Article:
Plettenberg Bay Oumatjie Cave

Peter Swart August 1998

Oumatjie Cave Oumatjie Cave

The entrance to Oumatjie Cave is a high, sloping slot, that narrows considerably during the first 20m of passage. The entrance passage then opens into a large chamber, with guano covered boulders on the floor. Off to the left is another chamber partially filled by a scree cone of very sharp boulders. These seem to have poured from a hole in the far southwestern corner of the cave. Although the passage at the top of the boulder pile is not easily negotiable, the draft that we detected indicates that there may be an upper entrance.

Oumatjie_Cave_rubble_pile.jpg Rubble slope


Oumatjie Cave is home to a large colony of bats. At least 3 species of insectivorous bats roost in their hundreds in both the main chamber, and in the scree-slope chamber. During our visit, we collected, measured and released Rhinolophus clivosus, Miniopterus schreibersii and Miniopterus fraterculus. The Miniopterus species were identified by both measurements of live bats, and from carcasses collected from the floor of the cave.

A lady by the name of Elizabeth, who works at the local community centre, said that when she was young, they used to remove bat guano from the cave. She also said that they used to burn shells in the entrance of the cave, but could not remember why this was done.

The remaining guano in the cave provides a suitable habitat for a number of invertebrates. With the exception of a spider, and an amphipod, all of the beetles, spiders and other invertebrates that we observed did not appear to be cave adapted. The spider's body was less the 1mm in diameter, and white in colour, with long spindly legs. Norma Sharrat examined the spider and identified it as Smeringopine pallidus, one of the Daddy-long-legs spiders, of the family Pholcidae. A number of species of this family has been found in caves and animal burrows. (2)

A small stream issues from the back of the cave, and in one of the pools in the stream we found a large number of small shrimps. Dr Charles Griffiths identified these amphipods as Aquadulcaris dentata. These animals have been collected only from the Cape Peninsula before.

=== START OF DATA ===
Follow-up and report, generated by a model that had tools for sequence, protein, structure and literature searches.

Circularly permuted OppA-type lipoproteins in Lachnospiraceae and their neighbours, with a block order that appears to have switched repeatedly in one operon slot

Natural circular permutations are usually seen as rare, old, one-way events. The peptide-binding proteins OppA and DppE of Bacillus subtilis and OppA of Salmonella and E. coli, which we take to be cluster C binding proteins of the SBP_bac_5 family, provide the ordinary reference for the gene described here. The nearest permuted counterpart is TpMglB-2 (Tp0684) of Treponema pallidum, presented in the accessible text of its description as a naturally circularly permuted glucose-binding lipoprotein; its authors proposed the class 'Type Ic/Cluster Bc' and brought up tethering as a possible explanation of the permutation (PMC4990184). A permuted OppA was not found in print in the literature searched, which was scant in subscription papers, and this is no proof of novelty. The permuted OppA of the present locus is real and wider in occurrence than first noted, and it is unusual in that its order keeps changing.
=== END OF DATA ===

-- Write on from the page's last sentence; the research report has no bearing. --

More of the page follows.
Anthony and Reece looking at shrimps

Anthony and Reece looking at shrimps

Other Caves

As mentioned previously, a group of local children joined us for lunch. While they cooked their octopus, we asked them about other caves in the area. They described another two caves to the west of Oumatjie, one at Rooikrans, and another a further kilometre to the west and known as Ghwanogat. Neither of these is accessible along the coast from Oumatjie. Access to these caves is via the path that runs west from the parking spot at the Oumatjie dump.


  1. 3423AB Plettenberg Bay 1:50000 State Copyright (1980)

  2. Dippenaar-Schoeman, . (July 1997) A.S., Jocqué, R. African Spiders, An Identification Manual. Plant Protection Research Institute Handbook No 9 (pp248)

  3. Durrheim, G.P.; Durrheim R.J.; Martini, J.E.J. 1994 SASA Bulletin Vol 33,

  4. Griffiths, C.L. Department of Zoology, University of Cape Town

  5. Sharratt, N. Department of Zoology, University of Cape Town

Plettenberg Bay Oumatjie Arch Cave Wilderness

Plettenberg Bay Oumatjie Cave